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9.1: What is a Hominin?

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    The family Hominidae of order Primates includes the hominoids: the great apes (Figure). Evidence from the fossil record and from a comparison of human and chimpanzee DNA suggests that humans and chimpanzees diverged from a common hominoid ancestor approximately 6 million years ago. Several species evolved from the evolutionary branch that includes humans, although our species is the only surviving member. The term hominin is used to refer to those species that evolved after this split of the primate line, thereby designating species that are more closely related to humans than to chimpanzees.

    Hominins were predominantly bipedal and include those groups that likely gave rise to our species—including Australopithecus, Homo habilis, and Homo erectus—and those non-ancestral groups that can be considered “cousins” of modern humans, such as Neanderthals. Determining the true lines of descent in hominins is difficult. In years past, when relatively few hominin fossils had been recovered, some scientists believed that considering them in order, from oldest to youngest, would demonstrate the course of evolution from early hominins to modern humans. In the past several years, however, many new fossils have been found, and it is clear that there was often more than one species alive at any one time and that many of the fossils found (and species named) represent hominin species that died out and are not ancestral to modern humans.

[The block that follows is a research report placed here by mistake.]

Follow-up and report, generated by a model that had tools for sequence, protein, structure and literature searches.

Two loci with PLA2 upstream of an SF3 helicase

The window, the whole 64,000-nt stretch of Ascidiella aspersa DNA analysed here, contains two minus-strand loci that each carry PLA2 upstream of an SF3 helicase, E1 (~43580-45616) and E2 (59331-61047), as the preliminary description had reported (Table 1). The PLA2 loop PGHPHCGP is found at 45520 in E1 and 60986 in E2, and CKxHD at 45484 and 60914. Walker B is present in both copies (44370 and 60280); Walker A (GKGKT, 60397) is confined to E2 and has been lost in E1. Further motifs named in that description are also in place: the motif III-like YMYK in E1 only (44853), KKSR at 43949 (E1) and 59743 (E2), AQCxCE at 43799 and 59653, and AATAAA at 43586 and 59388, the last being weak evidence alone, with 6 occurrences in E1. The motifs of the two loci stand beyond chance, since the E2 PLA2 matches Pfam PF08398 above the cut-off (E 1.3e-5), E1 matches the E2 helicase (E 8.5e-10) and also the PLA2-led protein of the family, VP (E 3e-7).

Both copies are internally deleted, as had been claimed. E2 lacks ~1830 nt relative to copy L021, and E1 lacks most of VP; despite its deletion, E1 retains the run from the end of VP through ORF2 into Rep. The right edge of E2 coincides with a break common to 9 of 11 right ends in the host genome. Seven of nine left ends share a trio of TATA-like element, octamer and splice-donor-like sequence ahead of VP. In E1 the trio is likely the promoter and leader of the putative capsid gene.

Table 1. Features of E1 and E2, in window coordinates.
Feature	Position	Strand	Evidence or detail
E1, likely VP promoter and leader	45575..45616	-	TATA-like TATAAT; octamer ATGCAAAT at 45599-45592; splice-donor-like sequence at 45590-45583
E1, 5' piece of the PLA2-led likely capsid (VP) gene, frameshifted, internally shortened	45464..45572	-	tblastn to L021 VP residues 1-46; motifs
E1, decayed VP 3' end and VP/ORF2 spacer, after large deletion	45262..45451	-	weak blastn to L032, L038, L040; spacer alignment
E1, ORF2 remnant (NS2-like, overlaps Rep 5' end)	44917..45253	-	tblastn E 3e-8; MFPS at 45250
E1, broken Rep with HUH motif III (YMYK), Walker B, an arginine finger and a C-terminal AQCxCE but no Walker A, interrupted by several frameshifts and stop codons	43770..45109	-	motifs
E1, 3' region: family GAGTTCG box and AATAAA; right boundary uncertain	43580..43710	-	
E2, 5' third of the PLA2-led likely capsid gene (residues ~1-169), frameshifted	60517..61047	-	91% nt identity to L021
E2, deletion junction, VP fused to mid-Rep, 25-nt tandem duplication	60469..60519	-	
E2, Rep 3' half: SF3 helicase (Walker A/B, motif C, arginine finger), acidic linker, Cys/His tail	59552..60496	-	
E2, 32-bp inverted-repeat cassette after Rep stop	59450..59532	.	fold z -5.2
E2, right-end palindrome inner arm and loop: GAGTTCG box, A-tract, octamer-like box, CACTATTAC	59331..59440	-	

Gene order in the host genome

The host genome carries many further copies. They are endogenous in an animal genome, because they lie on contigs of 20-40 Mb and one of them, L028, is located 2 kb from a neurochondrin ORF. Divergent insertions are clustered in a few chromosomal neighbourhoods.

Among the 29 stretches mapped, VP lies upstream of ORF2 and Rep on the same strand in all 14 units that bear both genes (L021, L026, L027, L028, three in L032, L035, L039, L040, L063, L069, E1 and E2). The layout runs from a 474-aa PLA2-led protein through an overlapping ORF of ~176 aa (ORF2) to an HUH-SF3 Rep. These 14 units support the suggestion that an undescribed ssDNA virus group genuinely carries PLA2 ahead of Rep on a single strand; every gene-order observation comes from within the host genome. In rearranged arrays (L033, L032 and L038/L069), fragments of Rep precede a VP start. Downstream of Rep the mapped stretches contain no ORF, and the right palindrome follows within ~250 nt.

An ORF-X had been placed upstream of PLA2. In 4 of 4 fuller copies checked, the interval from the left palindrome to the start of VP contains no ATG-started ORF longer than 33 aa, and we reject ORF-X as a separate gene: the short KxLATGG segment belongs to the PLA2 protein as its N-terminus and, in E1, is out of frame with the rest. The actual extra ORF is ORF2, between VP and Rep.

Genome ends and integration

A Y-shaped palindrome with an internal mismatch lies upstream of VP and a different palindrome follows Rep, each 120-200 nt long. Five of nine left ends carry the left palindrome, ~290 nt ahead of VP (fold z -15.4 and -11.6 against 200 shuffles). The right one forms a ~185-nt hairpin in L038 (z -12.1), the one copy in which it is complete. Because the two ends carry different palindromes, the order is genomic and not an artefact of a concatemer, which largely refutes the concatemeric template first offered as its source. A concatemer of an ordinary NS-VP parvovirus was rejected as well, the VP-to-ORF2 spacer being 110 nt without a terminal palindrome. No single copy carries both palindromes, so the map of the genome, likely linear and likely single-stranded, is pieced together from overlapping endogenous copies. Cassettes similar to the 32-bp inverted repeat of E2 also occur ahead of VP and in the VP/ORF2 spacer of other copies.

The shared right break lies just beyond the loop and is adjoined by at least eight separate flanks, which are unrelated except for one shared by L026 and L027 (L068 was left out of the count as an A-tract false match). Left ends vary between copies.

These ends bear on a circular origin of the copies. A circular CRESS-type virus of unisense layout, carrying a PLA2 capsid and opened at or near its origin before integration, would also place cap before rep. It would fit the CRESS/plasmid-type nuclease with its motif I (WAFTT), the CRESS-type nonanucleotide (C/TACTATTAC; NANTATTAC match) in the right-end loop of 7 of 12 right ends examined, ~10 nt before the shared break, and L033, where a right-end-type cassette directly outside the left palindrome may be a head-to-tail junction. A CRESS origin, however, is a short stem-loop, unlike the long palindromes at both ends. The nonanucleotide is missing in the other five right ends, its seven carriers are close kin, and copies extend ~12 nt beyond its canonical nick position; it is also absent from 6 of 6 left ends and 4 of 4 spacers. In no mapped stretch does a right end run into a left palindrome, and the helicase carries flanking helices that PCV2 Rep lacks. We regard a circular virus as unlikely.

Figure \(\PageIndex{1}\): The Family tree of homo-sapiens

    What is a Hominin?

    A hominid is any ancestor of apes (including us); a homimin is any ancestor on only the human family tree. In order to adequately understand a discussion of hominin evolution and appreciate changes over time, some basic anatomical information is necessary. It is also necessary in order to distinguish primitive  or ape-like skeletal characteristics from those that are derived, i.e., those that arose later in time. What marks the human line is not big brains or tool use. It is bipedalism, the ability to walk on only two legs.

    Contributors and Attributions

    9.1: What is a Hominin? is shared under a not declared license and was authored, remixed, and/or curated by LibreTexts.

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